Social networks: the Senate in turn votes on the obligation of parental consent for children under 15
After The national emblythe Senate adopted Tuesday in first reading, with modifications, the obligation for social networks like TikTok or Snapchat to verify the age of their users and parental…
After The national emblythe Senate adopted Tuesday in first reading, with modifications, the obligation for social networks like TikTok or Snapchat to verify the age of their users and parental consent for the registration of children under 15 years old. The government having initiated the accelerated procedure on this text, deputies and senators will now try to agree on a common version.
The bill, brought by the head of the Horizons deputies Laurent Marcangeli, establishes the obligation for social networks “to put in place a technical solution for verifying the age of end users and the consent of holders of parental authority. for children under 15, a “solution” which must be certified by the authorities.
This age corresponds to entering high school and the age at which a minor can consent alone to the processing of his personal data, recalls the rapporteur Alexandra Borchio-Fontimp (LR). In the event of a breach, a fine may be imposed on the company, up to 1% of its worldwide turnover.
A device to control the time of use
At the initiative of the rapporteur, the senators specified that the authorization of a single holder of parental authority will be necessary. The text also allows holders of parental authority to request the suspension of the account of a child under 15 years of age. The senators also removed the provision relating to “labeled” networks to which children under 13 could have access with the agreement of the parents, introduced in the embly despite the unfavorable opinion of the government.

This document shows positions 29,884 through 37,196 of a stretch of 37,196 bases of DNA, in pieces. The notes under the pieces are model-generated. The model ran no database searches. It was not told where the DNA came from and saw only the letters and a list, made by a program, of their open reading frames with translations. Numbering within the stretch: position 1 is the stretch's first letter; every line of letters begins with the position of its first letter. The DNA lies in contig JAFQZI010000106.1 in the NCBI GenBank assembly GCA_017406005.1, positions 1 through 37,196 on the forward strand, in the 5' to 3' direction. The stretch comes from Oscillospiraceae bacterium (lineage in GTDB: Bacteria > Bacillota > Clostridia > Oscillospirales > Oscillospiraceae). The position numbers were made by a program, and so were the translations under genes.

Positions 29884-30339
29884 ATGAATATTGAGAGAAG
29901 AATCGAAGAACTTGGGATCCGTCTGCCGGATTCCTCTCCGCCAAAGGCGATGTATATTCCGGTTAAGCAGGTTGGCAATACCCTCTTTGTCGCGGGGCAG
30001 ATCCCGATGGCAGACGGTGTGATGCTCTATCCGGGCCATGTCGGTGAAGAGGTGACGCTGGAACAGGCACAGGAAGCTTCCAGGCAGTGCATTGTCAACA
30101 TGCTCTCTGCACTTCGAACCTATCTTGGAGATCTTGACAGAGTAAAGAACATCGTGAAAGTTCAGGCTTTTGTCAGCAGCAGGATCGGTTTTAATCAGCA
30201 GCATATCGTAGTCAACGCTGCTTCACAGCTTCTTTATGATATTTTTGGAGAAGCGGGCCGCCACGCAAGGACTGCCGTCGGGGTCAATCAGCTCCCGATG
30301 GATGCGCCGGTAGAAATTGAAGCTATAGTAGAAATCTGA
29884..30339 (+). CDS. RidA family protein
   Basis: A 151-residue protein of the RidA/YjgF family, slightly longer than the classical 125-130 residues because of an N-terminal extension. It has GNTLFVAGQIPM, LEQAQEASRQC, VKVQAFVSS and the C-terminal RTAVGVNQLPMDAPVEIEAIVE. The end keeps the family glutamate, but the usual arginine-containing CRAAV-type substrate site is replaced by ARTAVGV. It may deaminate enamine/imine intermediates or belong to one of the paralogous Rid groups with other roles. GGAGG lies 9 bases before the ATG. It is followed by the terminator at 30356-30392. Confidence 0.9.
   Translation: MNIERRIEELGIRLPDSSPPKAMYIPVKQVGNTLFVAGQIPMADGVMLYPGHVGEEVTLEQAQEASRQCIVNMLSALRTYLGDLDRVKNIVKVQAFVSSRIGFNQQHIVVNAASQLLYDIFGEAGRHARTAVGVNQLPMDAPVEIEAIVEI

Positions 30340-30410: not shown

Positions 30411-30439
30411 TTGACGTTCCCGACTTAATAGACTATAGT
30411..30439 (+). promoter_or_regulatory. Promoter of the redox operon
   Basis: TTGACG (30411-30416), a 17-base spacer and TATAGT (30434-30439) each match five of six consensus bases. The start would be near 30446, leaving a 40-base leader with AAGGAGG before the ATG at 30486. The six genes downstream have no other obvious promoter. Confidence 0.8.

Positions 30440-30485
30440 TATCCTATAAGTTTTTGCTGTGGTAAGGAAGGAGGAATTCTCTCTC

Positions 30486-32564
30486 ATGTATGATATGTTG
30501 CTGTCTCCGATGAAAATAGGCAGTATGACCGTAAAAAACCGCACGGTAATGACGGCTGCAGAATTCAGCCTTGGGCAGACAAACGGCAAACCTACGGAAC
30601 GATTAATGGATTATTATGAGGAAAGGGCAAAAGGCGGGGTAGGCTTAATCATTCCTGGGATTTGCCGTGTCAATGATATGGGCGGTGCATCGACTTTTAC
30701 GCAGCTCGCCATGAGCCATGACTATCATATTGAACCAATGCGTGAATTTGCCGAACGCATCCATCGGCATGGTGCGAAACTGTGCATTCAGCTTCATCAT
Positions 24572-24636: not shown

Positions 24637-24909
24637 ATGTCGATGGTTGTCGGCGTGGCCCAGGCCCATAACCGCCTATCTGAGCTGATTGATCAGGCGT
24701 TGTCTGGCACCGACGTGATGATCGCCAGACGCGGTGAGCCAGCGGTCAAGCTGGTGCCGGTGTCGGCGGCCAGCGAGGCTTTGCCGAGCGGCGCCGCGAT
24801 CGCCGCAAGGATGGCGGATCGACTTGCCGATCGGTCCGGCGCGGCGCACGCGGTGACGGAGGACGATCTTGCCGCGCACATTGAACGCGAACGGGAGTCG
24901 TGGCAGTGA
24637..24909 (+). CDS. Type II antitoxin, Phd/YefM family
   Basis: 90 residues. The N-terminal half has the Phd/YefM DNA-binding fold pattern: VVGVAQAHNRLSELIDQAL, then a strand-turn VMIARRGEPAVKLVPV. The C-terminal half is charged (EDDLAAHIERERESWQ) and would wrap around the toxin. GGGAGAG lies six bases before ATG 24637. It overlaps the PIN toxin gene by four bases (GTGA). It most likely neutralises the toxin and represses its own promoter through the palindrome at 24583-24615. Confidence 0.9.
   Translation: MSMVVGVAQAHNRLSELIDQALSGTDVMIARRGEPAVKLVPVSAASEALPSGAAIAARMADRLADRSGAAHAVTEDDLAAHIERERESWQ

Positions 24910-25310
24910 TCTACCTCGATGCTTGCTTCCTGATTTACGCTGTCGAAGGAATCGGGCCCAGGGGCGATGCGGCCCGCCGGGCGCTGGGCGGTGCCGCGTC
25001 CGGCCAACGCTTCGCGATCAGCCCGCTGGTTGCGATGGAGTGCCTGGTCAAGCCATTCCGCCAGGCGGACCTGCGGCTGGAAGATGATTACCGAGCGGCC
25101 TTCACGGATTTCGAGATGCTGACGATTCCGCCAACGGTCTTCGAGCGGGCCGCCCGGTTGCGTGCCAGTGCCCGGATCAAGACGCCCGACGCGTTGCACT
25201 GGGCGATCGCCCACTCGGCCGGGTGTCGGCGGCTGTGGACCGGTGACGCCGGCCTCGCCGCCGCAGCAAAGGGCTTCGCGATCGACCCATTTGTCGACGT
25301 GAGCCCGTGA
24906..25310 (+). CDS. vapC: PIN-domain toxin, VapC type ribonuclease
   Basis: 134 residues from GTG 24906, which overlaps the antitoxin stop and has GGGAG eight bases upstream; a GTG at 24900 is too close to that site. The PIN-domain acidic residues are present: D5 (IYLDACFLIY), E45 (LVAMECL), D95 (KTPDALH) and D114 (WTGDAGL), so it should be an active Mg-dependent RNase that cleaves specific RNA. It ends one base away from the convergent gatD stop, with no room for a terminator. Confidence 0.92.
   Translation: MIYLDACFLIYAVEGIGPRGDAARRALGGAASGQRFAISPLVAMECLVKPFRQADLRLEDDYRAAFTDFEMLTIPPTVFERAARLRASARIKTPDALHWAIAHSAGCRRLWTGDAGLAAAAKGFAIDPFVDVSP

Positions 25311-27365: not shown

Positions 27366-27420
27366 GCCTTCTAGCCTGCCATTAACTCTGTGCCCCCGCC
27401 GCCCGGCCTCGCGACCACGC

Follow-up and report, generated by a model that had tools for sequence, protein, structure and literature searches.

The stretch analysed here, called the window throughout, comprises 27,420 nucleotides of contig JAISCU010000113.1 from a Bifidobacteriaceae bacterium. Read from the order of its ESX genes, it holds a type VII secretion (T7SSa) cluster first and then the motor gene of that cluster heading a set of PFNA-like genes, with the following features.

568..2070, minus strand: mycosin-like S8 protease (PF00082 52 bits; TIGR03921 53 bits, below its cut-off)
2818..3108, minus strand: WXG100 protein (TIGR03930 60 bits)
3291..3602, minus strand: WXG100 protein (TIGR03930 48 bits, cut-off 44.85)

In the hemicycle, the Senate ped a socialist amendment requiring networks to activate a device to control usage time when registering a minor. The Senate also explicitly excluded from the scope of the bill “non-profit online encyclopedias”, such as Wikipedia, and “educational and scientific directories”.
For Alexandra Borchio-Fontimp, this text “is an essential safeguard against the growing precocity of digital puberty and the power of the tools made available to young people”. It “is part of a general and international awareness of the danger that social networks can represent, especially for the youngest”, supported the centrist Annick Billon.
Several senators nevertheless questioned the effective implementation of its provisions. The first registration to a social network would occur on average around 8 and a half years and more than a quarter of 7-10 year olds regularly visit social networks, according to the National Commission for Computing and Liberties (Cnil). The Senate has set up a commission of inquiry, at the request of the group Les Indépendants, on the social network TikTok, the conclusions of which should be made public by the end of the parliamentary session.